In negative news, there is a reading committee task force that is meeting and making decisions for how our school and grade levels will proceed. Some things I agree with and others I do not. What bothers me the most is that I had this expectation of what a typical day would be like for me; teaching 2 subjects, reading and social studies + language arts. I have a feeling that I will also be teaching math as well in the future. I don't necessarily have a problem with this, it's just not what I think is the best way for me to make the biggest impact with my students. Yes, I understand that it looks like I don't want to do something because it will put more on my plate, but in all honesty, that is exactly what it is and I think it will have a negative impact on myself, which will in turn have a negative impact on my students. When I was filling a maternity leave, I taught all the subjects besides science. I felt totally overwhelmed and didn't feel that any of the subjects received my best work. I always felt I was rushed and every subject was getting about 20% worth of what it should be because I was always thinking about what was coming up next. This year, I have two subjects that I teach twice a day and end the day with language arts. In all of my teaching experiences, 8 weeks student teaching 6th, 8 weeks student teaching 4th, and almost a full semester of 5th, this year, 12 weeks into 6th grade, I feel the most comfortable and the most able to meet the needs of my students. I do not feel overwhelmed...besides what I do to myself because I do procrastinate a little :) I feel that I am mostly prepared every day to teach. Being an expert on one or two things is more beneficial than knowing a little about many different things.  In almost all of my college education classes, there was always a section that instructed us soon-to-be teachers on teaching for depth, or quality, versus teaching for quantity. For a little professional comparison fun, lets look at some other careers who do some sort of a specialization. Lets check out the medical field. Doctors. You get sick you head to your family doctor. They check you out. If any additional action is needed they send you to a specialist. Hand, eye, brain, surgeon, and so on. Same with dentists. There are orthodontists, oral surgeons, etc. Let's take a peak into a career that creates something, which is kind of what I think teaching can be linked to. Construction companies. Most of the time the same construction company is not going to do every single thing that is required to building a house. That's why there are excavators, plumbers, electricians, HVAC people, flooring installers, drywall hangers, painters, carpet layers, brick layers, cabinet makers, roofers, and of course the construction company is not going to move you in, so there is also the moving company. All of these little pieces of the puzzle are specialized units which contribute to the whole entity that eventually will become a house. Conversely, I imagine if you asked the electrician to hang the drywall, roof the house, and to do the plumbing, one, it would take that person a lot longer to get all of that done, two, it probably wouldn't be totally up to par with someone who specializes in each of those jobs and only does those specific things.  I love sports, I have coached basketball for a number of years. Let's look into the professional sports arena where players and coaches are earning money to support themselves and their families. You hardly ever see athletes competing in multiple professional sports. Yes, Deion and Bo and the ones that stand out, but Jordan couldn't even pull off the baseball thing. Lets look at coaching. Typically, there is an offensive and defensive side to most sports. Are there not specialized coaches for each side at the professional level. Within those sides of the ball, there are also specialized position coaches: running backs coach in football, pitching coach in baseball, post men coach in basketball, and throwing coach in track.  I also am a photographer. When I start talking about photography, Zack Arias, is one of my huge inspirations. He has said multiple times that you have to find your niche. You can't be a jack-of-all trades because you will never fully develop all of them into something that is worthwhile to shoot and create. My wife and I specialize in seniors and weddings. Of course, we do shoot other things, but we don't do them enough to be great at them. In my opinion, 6th grade, where some of the content is pretty heavy, teachers need to specialize to some sort. In the grade above, all the teachers are fully specialized. So when thinking of the transition from  6th grade to the 7th, there must be a huge, drastic amount of difference between teaching them, correct? I don't think so. The new common core standards deem that otherwise, at least in Reading/Language Arts. If the only thing that I don't teach is science, my students will only switch classes for one period. I don't think that is setting them up for success the next year when they will have 7 or so different teachers all in one day. It's more of a disservice I believe.  I've listed my personal reasons why I'm not in favor of this. Is it research-based? Probably not. I did my own personal research through my life's experiences.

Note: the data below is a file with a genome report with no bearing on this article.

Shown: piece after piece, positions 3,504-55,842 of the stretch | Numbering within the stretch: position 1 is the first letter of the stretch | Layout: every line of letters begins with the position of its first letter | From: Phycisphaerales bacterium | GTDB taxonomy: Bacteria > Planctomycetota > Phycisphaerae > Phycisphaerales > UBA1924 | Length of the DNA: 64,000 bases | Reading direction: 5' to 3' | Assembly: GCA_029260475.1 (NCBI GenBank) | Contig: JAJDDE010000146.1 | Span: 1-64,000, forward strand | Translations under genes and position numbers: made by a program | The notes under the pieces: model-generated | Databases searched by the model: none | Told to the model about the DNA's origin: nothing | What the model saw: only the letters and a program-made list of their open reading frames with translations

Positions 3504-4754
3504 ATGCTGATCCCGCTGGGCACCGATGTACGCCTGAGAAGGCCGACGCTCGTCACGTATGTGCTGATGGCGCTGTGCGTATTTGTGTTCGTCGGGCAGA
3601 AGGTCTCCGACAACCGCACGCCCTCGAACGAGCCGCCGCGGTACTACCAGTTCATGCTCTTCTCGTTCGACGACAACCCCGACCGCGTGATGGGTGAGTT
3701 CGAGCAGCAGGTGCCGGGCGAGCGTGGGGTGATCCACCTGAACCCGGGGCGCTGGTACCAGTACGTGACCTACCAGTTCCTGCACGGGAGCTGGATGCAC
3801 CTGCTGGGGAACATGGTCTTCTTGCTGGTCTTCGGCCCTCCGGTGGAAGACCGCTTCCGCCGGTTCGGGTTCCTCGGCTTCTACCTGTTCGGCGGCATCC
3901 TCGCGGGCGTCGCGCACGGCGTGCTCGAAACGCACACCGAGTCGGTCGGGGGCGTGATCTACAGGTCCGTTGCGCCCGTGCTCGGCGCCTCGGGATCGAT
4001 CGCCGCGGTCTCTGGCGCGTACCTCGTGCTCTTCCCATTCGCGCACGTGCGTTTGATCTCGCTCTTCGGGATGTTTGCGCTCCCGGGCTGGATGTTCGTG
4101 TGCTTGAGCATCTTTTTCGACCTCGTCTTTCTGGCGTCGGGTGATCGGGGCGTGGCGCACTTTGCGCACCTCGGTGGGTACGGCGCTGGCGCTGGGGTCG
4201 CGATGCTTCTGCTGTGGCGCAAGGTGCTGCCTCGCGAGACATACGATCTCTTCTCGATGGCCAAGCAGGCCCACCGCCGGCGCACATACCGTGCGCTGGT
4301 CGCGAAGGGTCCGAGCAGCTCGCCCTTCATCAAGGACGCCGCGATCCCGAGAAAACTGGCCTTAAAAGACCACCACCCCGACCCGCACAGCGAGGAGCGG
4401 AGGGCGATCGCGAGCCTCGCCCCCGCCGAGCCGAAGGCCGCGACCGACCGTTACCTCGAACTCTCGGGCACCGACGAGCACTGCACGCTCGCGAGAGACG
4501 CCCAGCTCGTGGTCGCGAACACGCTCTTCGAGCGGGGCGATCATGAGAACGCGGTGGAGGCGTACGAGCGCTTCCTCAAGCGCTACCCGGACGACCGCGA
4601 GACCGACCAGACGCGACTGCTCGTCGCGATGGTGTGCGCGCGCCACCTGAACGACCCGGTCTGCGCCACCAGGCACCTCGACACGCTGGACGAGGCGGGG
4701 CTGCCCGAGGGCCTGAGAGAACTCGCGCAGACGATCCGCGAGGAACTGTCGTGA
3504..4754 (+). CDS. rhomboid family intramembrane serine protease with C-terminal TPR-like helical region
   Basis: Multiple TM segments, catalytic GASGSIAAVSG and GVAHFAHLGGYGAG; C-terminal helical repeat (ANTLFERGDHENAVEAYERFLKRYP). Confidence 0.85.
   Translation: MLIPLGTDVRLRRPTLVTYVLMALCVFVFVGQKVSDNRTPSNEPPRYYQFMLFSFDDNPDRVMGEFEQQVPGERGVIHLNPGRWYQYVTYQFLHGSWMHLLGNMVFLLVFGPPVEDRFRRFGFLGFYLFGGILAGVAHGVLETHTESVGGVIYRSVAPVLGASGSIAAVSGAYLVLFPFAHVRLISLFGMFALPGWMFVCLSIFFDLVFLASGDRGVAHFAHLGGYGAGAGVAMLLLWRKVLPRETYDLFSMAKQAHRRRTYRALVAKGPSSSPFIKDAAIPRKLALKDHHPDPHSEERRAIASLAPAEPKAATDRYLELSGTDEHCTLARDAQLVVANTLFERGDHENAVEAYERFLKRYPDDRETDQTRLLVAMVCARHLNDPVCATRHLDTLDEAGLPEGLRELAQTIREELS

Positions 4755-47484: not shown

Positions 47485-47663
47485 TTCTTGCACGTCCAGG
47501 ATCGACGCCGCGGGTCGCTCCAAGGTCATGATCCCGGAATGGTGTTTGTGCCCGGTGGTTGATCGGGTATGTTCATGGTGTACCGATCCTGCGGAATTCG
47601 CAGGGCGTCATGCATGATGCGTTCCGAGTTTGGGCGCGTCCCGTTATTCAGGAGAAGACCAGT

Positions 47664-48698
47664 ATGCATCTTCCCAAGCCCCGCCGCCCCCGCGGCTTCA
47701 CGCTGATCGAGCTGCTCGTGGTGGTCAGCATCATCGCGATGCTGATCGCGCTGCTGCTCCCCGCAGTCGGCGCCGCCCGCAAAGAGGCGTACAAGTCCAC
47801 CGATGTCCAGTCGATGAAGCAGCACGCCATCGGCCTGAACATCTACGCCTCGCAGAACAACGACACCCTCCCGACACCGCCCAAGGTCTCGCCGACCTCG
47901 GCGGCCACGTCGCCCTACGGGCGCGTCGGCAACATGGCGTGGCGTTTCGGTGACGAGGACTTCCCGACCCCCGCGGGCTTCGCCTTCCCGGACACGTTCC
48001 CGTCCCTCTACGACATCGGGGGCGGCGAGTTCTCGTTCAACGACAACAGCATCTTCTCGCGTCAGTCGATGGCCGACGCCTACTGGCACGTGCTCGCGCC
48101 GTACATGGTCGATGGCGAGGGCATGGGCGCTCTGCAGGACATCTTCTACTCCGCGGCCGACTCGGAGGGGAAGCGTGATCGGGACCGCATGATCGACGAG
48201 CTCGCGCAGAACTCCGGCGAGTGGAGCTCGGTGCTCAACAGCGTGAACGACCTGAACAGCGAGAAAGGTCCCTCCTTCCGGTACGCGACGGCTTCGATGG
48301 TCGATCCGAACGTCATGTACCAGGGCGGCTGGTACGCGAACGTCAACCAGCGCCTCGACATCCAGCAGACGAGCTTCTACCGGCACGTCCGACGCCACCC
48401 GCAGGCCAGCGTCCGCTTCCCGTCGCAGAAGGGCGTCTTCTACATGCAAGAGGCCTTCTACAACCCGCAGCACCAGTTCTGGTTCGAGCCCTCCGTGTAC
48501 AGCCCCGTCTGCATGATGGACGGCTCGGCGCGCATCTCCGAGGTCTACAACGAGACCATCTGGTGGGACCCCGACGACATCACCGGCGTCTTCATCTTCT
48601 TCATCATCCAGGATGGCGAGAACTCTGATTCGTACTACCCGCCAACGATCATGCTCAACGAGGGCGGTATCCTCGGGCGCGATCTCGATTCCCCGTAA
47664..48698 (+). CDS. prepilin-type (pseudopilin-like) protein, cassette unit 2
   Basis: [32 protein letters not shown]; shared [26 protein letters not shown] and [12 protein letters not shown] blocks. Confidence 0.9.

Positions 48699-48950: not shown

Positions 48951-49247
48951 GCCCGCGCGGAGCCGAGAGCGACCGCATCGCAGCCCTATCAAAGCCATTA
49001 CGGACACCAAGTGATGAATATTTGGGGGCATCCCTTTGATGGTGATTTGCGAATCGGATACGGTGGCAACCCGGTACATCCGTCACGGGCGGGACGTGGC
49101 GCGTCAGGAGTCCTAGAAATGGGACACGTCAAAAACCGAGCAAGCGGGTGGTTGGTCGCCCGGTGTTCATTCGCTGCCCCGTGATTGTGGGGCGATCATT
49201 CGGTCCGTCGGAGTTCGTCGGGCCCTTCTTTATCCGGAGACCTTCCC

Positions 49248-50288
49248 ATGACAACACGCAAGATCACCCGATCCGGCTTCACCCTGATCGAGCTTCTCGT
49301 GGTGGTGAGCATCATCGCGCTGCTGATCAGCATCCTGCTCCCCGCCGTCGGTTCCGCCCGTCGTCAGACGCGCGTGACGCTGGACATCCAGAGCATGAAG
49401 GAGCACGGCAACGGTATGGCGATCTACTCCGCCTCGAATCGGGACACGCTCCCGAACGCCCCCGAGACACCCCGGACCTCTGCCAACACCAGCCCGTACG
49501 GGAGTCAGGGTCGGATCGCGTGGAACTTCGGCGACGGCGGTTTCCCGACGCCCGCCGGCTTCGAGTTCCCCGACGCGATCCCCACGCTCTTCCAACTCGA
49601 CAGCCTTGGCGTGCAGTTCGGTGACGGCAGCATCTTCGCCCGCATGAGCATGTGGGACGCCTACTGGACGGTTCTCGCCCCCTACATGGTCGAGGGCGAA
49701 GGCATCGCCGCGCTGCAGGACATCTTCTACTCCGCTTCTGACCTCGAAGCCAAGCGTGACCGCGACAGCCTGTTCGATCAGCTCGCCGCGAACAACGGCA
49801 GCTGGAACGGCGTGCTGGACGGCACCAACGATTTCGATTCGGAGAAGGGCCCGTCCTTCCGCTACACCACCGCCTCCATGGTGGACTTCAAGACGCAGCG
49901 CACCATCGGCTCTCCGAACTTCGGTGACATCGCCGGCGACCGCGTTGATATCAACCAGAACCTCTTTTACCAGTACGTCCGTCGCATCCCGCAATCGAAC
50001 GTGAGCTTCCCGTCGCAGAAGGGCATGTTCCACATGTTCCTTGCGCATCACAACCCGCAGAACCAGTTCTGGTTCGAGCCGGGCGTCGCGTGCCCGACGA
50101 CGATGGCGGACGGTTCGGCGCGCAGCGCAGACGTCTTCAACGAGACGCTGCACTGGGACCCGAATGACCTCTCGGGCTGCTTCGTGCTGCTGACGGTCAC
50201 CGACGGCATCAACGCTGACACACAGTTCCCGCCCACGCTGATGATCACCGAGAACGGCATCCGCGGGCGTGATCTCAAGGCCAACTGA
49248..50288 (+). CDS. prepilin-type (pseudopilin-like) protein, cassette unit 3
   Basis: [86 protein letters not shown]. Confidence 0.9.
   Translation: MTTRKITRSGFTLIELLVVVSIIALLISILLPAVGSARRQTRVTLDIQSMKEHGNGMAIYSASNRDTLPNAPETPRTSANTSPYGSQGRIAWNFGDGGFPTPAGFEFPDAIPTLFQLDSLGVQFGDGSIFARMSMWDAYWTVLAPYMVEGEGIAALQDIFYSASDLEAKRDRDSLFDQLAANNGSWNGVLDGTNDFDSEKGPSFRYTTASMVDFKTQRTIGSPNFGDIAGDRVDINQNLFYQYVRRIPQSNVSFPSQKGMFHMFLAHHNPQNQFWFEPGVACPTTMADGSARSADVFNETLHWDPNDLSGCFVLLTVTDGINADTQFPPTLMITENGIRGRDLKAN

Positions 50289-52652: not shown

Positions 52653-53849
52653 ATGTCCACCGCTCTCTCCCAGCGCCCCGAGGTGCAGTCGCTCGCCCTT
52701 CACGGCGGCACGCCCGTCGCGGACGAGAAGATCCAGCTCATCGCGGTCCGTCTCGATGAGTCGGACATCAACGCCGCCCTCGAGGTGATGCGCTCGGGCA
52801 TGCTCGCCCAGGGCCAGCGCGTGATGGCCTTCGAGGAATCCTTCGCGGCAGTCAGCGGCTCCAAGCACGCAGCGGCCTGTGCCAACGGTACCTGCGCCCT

In reading, we just finished a Jerry Spinelli lit circle. I was pretty impressed with some of the students abilities to understand the books through discussions. We will be overlapping some social studies this week and doing some Greek Mythology in reading. Next up is poetry. I'm really excited about this.
In SS, we are in a unit on Greece and will soon be into the Romans.
In Language, we are currently working on prepositions.